Best Regards,

Howie Spielman

Chief Technology Officer

Ecast, Inc.


I find that as a smaller company you generally don’ have policies in

Place. However, as a business grows into more of a corporate standing, one needs to have policies and procedures in place to protect not only the company interests but also the end user. People in the marketing area might be allowed full access to social networking websites for marketing related purposes. Other companies such as data aggregators in fields that don’t involve social groups should probably not be spending their working time socialising as this cuts into the time spent aggregating data but, this is not to say that people should not socialise. I think the fundamental issue is that Facebook allows you to socialise with far MORE people than what has traditionally been available and subsequently this can lead to more socialising and less work.

To address the question ‘Should you ban Facebook at work,’ one needs to implement an Acceptable Use Policy (AUP) that indicates what is and is not considered acceptable use of the systems i.e. is it acceptable to access social/video/audio or flash game websites during office hours? Keep in mind that in some environments where bandwidth is not shaped/controlled, 20 people streaming video and audio or loading Facebook apps can have an effect on the rest of the companies Internet speed. If it is found that the AUP is not being followed one can apply automated Access Control Lists (ACLs) at the firewall level which can go so far as to regulate access to specified websites between certain times either at a user or global level, for example one can program a firewall to automatically apply access rules that grants access to Facebook only during lunch times.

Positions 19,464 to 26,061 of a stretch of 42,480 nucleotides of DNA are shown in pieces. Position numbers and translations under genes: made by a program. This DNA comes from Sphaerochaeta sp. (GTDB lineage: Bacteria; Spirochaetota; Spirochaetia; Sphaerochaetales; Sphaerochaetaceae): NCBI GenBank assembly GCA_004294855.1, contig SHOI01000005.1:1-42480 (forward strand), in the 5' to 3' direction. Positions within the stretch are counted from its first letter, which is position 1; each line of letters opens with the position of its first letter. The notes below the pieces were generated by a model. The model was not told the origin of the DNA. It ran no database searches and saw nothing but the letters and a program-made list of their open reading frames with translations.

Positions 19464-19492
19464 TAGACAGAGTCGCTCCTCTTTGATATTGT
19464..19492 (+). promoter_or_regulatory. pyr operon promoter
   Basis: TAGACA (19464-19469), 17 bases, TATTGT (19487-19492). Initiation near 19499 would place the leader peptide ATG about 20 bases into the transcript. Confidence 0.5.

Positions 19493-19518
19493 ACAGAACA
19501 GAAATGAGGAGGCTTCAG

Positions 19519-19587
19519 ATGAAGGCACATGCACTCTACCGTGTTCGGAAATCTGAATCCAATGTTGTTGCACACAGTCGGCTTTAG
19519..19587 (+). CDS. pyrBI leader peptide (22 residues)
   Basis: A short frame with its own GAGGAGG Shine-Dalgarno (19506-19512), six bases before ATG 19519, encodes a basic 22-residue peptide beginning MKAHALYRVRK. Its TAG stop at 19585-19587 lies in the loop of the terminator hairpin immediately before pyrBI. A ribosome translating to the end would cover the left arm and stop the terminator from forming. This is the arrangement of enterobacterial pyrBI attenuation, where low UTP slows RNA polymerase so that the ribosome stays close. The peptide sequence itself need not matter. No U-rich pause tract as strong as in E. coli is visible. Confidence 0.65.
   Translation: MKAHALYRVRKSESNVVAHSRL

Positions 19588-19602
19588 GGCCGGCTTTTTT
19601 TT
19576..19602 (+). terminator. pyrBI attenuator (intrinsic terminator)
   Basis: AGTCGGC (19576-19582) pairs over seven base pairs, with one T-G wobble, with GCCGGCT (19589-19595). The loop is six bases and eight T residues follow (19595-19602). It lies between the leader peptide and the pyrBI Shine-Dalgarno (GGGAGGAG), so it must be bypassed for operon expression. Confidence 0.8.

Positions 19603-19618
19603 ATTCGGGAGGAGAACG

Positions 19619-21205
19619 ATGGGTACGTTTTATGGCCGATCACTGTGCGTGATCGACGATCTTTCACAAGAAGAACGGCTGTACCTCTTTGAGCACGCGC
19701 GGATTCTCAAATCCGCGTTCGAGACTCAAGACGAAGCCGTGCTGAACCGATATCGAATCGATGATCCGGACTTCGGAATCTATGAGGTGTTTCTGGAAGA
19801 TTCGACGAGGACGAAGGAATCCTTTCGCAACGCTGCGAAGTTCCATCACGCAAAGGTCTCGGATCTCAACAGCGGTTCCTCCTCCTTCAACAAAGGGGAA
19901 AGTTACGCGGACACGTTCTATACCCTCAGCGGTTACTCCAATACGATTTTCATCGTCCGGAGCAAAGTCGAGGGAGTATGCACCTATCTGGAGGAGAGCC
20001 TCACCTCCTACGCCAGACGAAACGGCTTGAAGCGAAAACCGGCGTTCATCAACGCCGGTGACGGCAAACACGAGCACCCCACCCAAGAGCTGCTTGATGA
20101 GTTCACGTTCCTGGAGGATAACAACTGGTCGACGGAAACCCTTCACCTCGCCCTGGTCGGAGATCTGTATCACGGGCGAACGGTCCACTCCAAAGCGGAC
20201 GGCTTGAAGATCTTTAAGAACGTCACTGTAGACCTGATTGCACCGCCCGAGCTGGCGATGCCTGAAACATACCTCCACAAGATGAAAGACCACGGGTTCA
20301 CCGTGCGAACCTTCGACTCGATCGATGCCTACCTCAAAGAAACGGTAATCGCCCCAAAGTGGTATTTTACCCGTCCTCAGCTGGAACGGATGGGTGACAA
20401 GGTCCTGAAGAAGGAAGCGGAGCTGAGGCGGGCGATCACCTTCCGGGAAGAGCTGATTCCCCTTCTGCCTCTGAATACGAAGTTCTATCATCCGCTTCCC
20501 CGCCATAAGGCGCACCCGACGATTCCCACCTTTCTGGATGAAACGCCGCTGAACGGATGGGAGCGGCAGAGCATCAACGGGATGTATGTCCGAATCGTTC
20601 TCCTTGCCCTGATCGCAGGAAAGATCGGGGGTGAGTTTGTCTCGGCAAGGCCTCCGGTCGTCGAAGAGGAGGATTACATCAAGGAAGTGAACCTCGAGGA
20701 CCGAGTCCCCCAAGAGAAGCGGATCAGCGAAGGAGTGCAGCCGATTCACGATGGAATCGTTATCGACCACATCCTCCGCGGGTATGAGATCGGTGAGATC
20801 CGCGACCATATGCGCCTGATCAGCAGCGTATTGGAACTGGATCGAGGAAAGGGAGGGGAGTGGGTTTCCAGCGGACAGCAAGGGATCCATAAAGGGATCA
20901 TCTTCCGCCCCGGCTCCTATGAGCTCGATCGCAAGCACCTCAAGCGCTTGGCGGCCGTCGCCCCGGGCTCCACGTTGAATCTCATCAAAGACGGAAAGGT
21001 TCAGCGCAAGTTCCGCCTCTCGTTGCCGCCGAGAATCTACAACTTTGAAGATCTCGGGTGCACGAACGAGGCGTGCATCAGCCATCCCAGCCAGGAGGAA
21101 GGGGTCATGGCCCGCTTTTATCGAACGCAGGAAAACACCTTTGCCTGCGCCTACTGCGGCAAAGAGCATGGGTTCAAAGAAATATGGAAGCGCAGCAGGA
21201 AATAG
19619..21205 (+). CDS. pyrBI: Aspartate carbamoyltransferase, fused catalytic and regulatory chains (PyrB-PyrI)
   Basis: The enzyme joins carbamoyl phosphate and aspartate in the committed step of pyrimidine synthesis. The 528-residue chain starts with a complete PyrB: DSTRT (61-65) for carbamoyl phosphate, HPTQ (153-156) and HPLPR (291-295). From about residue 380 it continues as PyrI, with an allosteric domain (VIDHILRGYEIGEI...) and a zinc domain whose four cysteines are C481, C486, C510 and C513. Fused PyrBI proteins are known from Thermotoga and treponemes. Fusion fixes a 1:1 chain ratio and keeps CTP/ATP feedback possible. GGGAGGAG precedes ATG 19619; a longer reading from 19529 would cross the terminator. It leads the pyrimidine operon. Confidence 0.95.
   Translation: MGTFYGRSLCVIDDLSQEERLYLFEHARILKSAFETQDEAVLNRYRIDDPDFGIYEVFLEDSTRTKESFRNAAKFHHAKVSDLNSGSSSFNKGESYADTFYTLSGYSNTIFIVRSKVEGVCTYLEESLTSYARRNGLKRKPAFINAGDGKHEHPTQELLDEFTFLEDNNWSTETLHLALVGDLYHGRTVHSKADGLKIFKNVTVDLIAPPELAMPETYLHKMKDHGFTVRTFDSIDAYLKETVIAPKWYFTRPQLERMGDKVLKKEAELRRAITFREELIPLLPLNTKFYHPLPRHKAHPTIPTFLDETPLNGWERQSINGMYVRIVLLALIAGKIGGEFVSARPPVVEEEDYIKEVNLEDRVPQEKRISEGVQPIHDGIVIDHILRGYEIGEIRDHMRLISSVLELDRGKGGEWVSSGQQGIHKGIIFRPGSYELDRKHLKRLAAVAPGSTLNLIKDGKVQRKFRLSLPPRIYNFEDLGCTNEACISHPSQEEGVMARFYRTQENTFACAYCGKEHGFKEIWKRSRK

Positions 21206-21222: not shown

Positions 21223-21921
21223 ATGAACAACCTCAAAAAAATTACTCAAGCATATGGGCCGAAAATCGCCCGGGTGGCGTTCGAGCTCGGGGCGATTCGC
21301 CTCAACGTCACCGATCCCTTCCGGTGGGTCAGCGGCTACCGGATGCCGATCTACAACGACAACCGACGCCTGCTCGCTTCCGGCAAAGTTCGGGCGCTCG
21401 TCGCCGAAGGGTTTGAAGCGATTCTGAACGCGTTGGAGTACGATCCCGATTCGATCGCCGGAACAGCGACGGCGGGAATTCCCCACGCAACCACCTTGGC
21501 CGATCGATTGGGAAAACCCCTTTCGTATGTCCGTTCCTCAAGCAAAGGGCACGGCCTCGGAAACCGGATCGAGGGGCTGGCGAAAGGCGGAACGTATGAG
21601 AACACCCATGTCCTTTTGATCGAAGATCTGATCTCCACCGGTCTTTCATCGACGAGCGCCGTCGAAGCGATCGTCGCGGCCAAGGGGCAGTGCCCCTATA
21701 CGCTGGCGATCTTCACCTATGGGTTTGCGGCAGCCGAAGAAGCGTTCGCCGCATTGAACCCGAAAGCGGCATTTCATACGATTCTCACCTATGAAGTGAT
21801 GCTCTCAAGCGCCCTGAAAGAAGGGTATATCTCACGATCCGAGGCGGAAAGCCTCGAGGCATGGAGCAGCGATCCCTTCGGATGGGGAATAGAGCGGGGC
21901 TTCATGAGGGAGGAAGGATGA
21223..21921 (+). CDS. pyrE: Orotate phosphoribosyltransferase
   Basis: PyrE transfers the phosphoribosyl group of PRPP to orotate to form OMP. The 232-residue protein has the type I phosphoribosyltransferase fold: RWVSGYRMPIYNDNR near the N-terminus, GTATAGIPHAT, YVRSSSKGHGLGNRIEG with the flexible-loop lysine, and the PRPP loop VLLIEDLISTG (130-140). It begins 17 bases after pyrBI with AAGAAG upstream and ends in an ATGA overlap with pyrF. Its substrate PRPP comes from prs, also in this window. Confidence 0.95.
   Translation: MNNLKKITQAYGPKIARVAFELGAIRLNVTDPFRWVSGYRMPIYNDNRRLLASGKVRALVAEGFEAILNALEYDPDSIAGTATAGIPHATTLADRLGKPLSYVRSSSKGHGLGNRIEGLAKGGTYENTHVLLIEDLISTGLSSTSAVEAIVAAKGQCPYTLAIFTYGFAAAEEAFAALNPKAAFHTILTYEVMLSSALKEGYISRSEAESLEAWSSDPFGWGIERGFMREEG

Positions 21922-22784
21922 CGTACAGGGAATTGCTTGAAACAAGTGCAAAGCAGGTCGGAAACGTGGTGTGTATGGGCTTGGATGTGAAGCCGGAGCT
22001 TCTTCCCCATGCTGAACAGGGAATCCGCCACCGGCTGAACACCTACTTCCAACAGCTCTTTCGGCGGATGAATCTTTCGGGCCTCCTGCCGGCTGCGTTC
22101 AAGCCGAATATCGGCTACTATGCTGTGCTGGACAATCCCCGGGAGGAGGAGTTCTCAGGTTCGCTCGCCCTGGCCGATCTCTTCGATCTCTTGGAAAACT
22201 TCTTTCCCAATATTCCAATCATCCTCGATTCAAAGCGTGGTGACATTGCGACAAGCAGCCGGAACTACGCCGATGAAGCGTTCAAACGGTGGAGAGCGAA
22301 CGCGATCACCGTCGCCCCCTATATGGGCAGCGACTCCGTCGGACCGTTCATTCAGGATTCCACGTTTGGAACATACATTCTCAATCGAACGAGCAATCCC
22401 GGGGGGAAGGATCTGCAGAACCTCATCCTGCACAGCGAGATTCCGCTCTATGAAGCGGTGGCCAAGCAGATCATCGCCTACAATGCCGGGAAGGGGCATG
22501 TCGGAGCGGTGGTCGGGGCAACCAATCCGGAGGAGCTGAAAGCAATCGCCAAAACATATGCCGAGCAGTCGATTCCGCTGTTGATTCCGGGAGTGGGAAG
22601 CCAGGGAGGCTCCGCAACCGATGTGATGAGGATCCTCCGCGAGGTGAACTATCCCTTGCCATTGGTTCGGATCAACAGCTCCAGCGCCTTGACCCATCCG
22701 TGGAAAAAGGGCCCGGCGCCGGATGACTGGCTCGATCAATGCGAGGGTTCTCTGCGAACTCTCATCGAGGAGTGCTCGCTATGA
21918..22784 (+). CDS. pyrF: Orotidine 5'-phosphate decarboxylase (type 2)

In short, I don’t think Facebook needs to be banned out-right but there is a level of control that should to be in place.

I hope this sheds some insight into your research.




We do not currently ban Facebook at work. And, it has not been

discussed.However, being a member-based organization, we do recommend members not post anything they would not want to be seen by the public. For example, pictures of them intoxicated, etc.

Jay Hall, Manager of Information Services

Missouri NEA


We, at Savers, Inc. ( block access to Facebook, along with MySpace. However, we allow access to LinkedIn and Plaxo. The theory being that LinkedIn and Plaxo offer distinct business benefits, without most of the social-networking site risks in the workplace, while Facebook and MySpace do not.

Steve Wales

Manager, Enterprise Systems

Savers, Inc.


We have limited by time the use of Facebook and other social networking sites. Users can use these sites for 60 minutes per day. We use Websense that allows for this. 6 times, 10 minutes slots.

>This way we allow the usage but control the people that spend all day in Facebook. However Facebook is the 4 most accessed site in my organization.


Nuno Borges

Director of Infrastructure

De La Rue


Bans are generally counterproductive.

We use Websense to “guide” users on our network as far as Internet activity. Social networking sites are limited but not prohibited and this policy seems to strike a fair balance between the need to keep users happy and the need to keep senior officers of the company happy.

Good luck with your article.

Trevor L Snyder

Senior IT Administrator, EMJ Corp.


We’ve actually embraced Facebook as a development platform at BIDMC